(Photo by Johanna Kaiser for boston.com)
Boston residents are rallying to save the publicly owned South End Fitness Center from being replaced by a high-rise tower of luxury apartments proposed as part of a planned redevelopment of the Northampton Square complex.
"Don't demolish it, update and preserve it," an online petition signed by nearly 500 people reads. "The South End Fitness Center is a valuable public health and prevention resource with its pool and gym."
The movement to protect the gym and pool at the border of the South End and Lower Roxbury comes as the Boston Public Health Commission, which owns the 3.3 acre campus between Harrison Avenue, Massachusetts Avenue, Albany Street, and Northampton Street, works with Trinity Financial to refurbish two of its buildings and build a third.
The site is currently home to a 29-story tower at 35 Northampton St. and a 12-story tower at 860 Harrison Ave. The proposed project would rehabilitate both residential buildings and convert the existing office space at 35 Northampton St. to 11 handicap accessible units, creating or maintaining a total of 358 units that will be rented below market rate.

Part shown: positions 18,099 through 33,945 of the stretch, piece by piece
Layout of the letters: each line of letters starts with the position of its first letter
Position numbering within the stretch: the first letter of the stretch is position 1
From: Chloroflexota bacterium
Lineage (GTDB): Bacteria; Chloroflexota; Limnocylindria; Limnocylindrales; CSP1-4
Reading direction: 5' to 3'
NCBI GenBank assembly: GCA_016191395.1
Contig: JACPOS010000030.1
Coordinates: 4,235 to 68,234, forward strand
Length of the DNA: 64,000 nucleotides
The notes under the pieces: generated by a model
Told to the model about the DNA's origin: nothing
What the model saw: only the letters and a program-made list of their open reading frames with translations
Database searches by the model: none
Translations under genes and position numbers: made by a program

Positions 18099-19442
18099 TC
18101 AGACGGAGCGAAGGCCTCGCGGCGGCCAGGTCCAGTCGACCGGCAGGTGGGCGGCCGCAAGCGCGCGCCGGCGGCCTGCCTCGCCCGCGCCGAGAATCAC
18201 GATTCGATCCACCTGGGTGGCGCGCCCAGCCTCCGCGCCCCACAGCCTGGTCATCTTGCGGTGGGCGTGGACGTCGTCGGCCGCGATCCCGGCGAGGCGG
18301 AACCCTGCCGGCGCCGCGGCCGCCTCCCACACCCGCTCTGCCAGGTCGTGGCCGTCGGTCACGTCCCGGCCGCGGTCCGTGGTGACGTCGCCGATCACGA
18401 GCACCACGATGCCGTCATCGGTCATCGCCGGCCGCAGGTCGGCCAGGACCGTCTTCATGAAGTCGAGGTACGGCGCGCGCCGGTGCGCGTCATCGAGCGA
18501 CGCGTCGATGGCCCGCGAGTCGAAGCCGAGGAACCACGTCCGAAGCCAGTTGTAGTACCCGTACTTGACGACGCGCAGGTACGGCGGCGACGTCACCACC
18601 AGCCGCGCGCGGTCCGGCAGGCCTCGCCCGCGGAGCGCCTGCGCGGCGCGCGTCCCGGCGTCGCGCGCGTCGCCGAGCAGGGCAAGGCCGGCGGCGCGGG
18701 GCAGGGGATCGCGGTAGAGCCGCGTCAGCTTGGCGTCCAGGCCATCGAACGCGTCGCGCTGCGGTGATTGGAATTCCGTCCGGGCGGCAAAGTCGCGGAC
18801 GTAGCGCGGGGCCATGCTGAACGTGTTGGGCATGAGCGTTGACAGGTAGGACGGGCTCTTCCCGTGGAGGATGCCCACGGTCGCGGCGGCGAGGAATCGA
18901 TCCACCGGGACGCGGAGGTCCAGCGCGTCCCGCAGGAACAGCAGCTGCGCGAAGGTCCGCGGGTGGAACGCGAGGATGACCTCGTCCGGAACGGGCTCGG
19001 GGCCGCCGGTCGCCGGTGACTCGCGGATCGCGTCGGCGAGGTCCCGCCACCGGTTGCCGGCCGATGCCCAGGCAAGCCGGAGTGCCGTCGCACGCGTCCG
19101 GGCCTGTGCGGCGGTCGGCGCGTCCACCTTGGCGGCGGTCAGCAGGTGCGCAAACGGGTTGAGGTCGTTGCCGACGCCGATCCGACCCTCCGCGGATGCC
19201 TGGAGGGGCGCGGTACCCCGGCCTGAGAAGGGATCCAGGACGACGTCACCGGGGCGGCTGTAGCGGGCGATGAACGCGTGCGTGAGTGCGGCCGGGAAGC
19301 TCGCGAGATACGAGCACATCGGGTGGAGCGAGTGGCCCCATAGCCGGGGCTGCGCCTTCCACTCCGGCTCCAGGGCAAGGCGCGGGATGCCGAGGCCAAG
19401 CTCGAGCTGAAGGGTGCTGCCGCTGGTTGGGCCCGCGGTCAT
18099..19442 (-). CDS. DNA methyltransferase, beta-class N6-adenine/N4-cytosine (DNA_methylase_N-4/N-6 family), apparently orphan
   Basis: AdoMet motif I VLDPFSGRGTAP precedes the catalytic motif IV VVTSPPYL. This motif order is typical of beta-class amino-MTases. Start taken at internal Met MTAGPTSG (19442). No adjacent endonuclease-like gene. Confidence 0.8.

A third component of the project that is still in the works could build a 24-story tower on the corner of Northampton and Albany streets, where the South End Fitness Center is currently located.
While units in the current structures will remain affordable housing, the new tower would replace the gym and pool with 215 new luxury apartments. The gym currently offers affordable memberships to residents and low-cost activities to non-profits.
Boston.com previously reported that while the demolished fitness center would be rebuilt, the pool would not because of the cost associated with constructing and designing a new one.
Now, residents and gym members want to make sure there are affordable opportunities for residents to exercise and stay healthy.
"It is a publicly own gym that is operated by the BPHC with low membership fees," read signs posted throughout the South End calling on residents to sign the online petition or join the Save South End Fitness Center Facebook page. "Now is not the time to eliminate affordable fitness opportunities for Bostonians!"